Since great salespeople only make up a small percentage of the 20 million candidate pool, hiring managers often make the fatal mistake of only selling job opportunities to “A” players, rather than questioning and evaluating the candidate’s competencies and fit in the organization. Particularly with small businesses, hiring managers desperate to hire a salesperson often turn the interview into a sales pitch, where they do all the talking instead of listening and making an objective assessment on the candidate’s skills, experience and DNA.
Solution: Sell the job opportunity during the telephone interview to establish interest among candidates and entice them to continue with the interview process. By choosing to continue with the interview process, they are demonstrating a genuine interest in your company. During in-person interviews, sit back, listen and let the candidate do the talking.
4. You’re hiring who’s available and not who you really need
In a day and age where great salespeople only make up between 10-15% of the total sales population, many hiring leaders are realizing that attracting and hiring the best salespeople takes tremendous time, effort, and resources. Unfortunately, instead of taking time to hire the right sales person, they are exposing themselves and their company to risk by simply trying to fill a seat. When hiring managers are desperate to make a hire, they see what they want to see in candidates and do not look at them objectively – virtually guarantying that they are going to hire the wrong person.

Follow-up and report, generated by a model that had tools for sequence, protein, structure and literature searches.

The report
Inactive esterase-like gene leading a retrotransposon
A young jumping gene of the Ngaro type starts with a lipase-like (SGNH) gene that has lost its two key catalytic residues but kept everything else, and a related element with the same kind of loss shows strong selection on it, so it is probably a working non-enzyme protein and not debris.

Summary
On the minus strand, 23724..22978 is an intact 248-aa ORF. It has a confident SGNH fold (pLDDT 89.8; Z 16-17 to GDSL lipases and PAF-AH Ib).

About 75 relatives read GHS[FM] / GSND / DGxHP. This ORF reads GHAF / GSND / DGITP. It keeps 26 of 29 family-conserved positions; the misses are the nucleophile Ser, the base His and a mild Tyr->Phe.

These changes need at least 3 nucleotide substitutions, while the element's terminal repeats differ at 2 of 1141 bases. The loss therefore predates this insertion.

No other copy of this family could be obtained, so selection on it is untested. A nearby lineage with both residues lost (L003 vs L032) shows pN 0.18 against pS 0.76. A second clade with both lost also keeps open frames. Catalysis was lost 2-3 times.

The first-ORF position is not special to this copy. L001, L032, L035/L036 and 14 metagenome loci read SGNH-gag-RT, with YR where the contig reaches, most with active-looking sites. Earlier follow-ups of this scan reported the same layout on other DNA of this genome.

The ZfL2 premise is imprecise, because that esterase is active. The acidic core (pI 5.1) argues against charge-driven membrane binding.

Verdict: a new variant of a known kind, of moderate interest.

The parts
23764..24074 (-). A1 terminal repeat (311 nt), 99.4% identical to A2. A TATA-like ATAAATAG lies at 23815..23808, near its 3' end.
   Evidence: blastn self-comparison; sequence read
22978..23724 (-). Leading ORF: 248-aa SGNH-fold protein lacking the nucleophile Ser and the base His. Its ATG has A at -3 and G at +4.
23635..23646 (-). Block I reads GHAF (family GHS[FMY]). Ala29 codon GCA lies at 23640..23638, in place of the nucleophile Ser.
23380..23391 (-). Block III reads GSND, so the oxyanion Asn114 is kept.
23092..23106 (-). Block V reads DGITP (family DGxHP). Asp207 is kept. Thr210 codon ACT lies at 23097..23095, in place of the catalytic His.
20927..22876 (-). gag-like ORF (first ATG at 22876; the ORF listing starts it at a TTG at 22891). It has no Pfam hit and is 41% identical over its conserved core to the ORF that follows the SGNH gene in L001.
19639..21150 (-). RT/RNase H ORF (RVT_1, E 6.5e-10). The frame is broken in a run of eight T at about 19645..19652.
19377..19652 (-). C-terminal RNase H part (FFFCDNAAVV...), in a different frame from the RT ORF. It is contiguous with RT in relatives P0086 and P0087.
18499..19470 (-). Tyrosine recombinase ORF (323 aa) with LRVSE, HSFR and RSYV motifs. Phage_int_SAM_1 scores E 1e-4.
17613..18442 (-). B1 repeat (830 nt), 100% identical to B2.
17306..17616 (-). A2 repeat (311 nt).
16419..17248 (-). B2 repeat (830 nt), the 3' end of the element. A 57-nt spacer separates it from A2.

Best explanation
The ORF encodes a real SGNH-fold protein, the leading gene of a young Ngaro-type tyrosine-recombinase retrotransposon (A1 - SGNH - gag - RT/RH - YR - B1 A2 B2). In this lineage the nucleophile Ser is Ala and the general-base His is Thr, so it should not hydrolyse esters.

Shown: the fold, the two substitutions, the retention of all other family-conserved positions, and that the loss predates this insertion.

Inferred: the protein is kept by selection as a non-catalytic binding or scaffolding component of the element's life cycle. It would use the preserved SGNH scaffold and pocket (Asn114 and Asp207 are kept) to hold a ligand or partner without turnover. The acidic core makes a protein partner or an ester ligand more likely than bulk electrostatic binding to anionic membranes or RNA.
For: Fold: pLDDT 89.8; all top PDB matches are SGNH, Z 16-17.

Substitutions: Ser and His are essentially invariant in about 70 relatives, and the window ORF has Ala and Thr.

Solution: Develop and implement a talent acquisition strategy that is built upon the principle of “always be recruiting”.
5. You’re not conducting thorough reference checks
The majority of salespeople are expert interviewees since they have to sell themselves to prospects every day. As a result, inexperienced hiring managers are often tricked into thinking that that they are hiring a great salesperson, and that checking that candidate’s references is a waste of time.
Solution: World-class hiring managers know that a reference can, in many cases, be as important as the interview itself. Embrace a reference check process that is scripted and structured and allow for the questions to reveal information that can be put into quantifiable data for a better assessment. The best references an employer can contact are those who were in a management position, equipped with the ability to comment on a candidate’s work habits and selling success, and those not necessarily provided by the candidate.
6. You have too much trust in your gut
The saying “go with your gut” shouldn’t be embraced by hiring managers, but it frequently is. The gut is a non-objective, emotional response to external stimuli that often causes hiring managers to fall to the recruiting ‘halo effect’.